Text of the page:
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  • Claudia
    January 1, 1970
    My first time to the author’s Kickstarter project and I must say I’ll be a regular one from now on because I got to read this book three months before its official publication. Yey!Sullivan’s books are like a cozy nook for me: comfortable, relaxing and mood improving, with extra bonuses such as joy, laugh and a great feeling overall.This fourth installment makes no exception; I missed this universe and I’m thrilled two more books are following.Unlike the previous volumes, this one ends with a cl My first time to the author’s Kickstarter project and I must say I’ll be a regular one from now on because I got to read this book three months before its official publication. Yey!Sullivan’s books are like a cozy nook for me: comfortable, relaxing and mood improving, with extra bonuses such as joy, laugh and a great feeling overall.This fourth installment makes no exception; I missed this universe and I’m thrilled two more books are following.Unlike the previous volumes, this one ends with a cliffhanger and there are more questions raised than answers, but that makes the fifth installment even more anticipated. Can’t detail more without giving spoilers for the others, so I’ll just say we get a fellowship-of-the-ring sort of quest, Malcolm’s identity is almost (!) revealed, a god from Riyria makes an appearance, Tressa becomes an important piece of the puzzle and Suri gets challenged as never before. Oh, and I am certain Fane Lothian name comes from ‘loathe’; his brat's too!Intrigued? Don’t miss this one.And if you need recaps for the first three books, here they are:https://firstempireseries.com/book-re...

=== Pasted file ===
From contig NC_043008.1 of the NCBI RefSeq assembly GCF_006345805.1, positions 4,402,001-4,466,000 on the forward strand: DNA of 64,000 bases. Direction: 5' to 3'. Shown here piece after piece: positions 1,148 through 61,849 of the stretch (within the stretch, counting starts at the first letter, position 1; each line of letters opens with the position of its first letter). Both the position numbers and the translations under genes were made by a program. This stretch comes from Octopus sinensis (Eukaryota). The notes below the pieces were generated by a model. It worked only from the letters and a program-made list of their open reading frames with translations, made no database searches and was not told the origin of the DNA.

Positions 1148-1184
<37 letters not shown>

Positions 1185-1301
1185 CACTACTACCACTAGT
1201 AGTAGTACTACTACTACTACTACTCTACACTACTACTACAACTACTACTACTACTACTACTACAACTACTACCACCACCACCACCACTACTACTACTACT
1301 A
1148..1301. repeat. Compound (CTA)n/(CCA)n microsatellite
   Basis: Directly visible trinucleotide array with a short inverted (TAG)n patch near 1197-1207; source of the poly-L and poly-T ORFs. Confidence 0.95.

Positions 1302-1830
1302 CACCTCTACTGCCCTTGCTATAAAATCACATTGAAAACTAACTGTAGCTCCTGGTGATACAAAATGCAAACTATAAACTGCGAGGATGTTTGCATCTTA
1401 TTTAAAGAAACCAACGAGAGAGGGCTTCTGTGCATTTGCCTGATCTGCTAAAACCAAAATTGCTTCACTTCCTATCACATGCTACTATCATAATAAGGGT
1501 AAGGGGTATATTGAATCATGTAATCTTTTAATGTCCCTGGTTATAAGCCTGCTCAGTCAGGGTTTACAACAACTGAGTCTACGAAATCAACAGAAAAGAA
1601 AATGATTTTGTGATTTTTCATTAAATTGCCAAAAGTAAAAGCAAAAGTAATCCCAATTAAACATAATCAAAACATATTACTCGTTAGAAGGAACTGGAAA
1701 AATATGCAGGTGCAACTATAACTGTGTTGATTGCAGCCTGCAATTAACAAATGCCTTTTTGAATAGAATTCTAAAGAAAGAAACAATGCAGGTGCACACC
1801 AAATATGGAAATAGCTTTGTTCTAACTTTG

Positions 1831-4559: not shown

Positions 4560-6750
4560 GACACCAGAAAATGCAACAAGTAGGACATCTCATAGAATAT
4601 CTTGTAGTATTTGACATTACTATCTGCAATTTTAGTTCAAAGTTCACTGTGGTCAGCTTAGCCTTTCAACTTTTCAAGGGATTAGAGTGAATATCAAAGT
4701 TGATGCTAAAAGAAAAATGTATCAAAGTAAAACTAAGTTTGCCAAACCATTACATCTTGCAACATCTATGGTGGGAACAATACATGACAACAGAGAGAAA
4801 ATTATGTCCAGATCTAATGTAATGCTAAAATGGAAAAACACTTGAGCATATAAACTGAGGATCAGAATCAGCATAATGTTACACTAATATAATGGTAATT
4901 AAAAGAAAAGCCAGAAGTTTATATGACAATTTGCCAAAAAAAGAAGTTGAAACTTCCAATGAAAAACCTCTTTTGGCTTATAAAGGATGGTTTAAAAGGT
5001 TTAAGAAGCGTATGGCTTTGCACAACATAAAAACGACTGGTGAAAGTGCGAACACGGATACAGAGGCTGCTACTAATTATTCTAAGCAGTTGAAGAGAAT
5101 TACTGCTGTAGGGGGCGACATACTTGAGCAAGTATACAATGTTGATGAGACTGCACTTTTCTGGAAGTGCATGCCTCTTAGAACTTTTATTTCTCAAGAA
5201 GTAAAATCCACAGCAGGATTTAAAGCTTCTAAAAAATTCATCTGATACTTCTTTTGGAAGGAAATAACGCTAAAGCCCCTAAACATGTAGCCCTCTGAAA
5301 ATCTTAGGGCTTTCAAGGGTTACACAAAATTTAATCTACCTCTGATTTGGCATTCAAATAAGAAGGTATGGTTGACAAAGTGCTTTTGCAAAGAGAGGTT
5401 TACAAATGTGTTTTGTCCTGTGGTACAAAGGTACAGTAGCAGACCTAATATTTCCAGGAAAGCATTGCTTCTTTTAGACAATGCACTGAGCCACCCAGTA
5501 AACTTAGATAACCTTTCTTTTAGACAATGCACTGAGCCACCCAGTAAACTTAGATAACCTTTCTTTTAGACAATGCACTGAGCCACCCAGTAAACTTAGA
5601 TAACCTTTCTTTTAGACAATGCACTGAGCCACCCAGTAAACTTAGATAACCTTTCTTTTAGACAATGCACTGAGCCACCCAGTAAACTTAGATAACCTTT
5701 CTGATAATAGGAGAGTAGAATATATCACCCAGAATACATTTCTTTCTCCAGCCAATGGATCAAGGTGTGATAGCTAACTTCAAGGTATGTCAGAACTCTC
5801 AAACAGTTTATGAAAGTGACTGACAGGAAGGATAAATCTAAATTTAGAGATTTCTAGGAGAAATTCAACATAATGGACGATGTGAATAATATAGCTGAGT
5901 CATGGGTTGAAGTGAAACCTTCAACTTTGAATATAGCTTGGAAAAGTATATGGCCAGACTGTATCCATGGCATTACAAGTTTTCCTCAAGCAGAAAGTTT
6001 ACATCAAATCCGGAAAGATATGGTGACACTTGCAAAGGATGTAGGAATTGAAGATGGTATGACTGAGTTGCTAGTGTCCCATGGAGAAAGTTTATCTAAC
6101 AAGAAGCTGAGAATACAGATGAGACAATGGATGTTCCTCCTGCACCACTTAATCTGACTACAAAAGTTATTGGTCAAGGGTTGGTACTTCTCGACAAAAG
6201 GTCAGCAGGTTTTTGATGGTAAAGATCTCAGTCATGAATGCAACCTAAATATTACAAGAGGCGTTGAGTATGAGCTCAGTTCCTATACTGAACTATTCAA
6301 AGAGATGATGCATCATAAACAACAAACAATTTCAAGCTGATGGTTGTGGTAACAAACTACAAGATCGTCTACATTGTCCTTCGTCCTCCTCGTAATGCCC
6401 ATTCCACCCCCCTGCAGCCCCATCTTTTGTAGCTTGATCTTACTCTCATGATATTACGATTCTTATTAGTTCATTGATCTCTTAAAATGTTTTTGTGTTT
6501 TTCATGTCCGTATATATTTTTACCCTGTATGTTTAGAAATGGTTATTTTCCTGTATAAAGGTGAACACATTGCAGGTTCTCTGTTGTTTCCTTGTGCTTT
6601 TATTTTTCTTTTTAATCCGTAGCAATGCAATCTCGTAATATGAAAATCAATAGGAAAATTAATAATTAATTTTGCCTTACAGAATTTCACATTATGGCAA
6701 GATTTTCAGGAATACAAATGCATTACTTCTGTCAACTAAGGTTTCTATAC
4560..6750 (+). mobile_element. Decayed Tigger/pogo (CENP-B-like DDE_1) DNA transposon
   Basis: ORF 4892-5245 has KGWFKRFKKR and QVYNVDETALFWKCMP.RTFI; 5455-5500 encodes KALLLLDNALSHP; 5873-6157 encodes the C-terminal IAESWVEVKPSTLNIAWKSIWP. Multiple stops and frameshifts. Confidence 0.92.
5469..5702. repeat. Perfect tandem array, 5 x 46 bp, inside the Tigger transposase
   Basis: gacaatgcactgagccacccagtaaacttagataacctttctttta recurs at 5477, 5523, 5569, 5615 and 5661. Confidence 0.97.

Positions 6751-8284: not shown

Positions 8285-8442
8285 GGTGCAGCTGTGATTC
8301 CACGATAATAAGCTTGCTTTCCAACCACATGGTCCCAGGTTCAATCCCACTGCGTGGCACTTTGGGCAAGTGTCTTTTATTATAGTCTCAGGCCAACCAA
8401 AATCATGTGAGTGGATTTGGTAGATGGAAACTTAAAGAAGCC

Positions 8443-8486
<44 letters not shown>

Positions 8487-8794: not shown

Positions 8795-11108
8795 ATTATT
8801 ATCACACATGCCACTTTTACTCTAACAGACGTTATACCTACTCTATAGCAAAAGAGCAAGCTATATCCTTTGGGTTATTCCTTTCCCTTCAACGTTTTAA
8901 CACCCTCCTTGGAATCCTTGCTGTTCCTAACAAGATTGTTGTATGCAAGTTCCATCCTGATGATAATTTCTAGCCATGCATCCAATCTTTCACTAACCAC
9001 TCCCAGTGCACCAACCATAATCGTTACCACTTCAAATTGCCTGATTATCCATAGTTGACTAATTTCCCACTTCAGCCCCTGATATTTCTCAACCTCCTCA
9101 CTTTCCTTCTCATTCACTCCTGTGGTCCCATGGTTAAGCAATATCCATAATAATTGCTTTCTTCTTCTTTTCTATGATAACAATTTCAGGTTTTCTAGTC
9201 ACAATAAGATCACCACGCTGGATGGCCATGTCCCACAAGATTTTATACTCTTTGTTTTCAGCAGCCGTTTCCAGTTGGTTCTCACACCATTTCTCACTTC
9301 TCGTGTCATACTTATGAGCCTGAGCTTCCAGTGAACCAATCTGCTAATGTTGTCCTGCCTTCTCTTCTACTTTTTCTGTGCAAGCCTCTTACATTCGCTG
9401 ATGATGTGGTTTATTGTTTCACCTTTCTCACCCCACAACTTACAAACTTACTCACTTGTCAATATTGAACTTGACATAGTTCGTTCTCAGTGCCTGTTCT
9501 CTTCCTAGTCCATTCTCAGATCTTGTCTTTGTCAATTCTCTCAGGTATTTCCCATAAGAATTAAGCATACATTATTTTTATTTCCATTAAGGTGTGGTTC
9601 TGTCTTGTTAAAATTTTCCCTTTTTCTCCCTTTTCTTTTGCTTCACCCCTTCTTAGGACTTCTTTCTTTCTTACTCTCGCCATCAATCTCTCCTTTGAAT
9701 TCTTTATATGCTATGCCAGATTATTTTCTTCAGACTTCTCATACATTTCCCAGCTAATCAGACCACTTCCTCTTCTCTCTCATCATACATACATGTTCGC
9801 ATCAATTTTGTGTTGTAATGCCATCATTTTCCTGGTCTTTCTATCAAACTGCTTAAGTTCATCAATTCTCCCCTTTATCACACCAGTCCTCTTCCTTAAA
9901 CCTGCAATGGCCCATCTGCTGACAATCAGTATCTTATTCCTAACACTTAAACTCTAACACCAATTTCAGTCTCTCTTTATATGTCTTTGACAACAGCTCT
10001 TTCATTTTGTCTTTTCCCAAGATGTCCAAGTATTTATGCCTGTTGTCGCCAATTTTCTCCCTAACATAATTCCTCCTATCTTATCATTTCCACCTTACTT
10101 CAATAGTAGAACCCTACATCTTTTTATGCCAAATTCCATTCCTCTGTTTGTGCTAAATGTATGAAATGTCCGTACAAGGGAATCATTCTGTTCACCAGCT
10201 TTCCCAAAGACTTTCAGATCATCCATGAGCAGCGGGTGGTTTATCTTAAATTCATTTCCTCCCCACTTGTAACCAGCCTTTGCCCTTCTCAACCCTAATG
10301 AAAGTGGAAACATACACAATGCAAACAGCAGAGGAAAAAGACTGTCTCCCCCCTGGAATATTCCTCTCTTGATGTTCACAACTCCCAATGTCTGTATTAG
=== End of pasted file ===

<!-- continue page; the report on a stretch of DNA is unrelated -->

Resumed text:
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  • Terence
    January 1, 1970
    The war rages on until it reaches a stalemate. Persephone tries to forge a peace only to see her ambassador betrayed and taken captive. An unlikely group seeks a legend in order to save their friend.Age of Legend is an enjoyable book, but I just don't see how they could end it where they did. Worst of all it caught me completely off guard because I was only 86% of the way through the book according to my Kindle. I can't believe I have to wait another year at minimum to learn what happens next. T The war rages on until it reaches a stalemate. Persephone tries to forge a peace only to see her ambassador betrayed and taken captive. An unlikely group seeks a legend in order to save their friend.Age of Legend is an enjoyable book, but I just don't see how they could end it where they did. Worst of all it caught me completely off guard because I was only 86% of the way through the book according to my Kindle. I can't believe I have to wait another year at minimum to learn what happens next. That just kills me.Age of Legend has all the usual style and substance of Michael J. Sullivan. Excellent world building and thrilling plot points. I also love so many of the characters. They just complement one another so well. Persephone takes a major back seat as this book is largely carried by Brin and Tesh among others. The devotion between characters is truly touching as well.Age of Legend is a great book even if I'm disappointed with the cliffhanger ending.
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  • Audrey
    January 1, 1970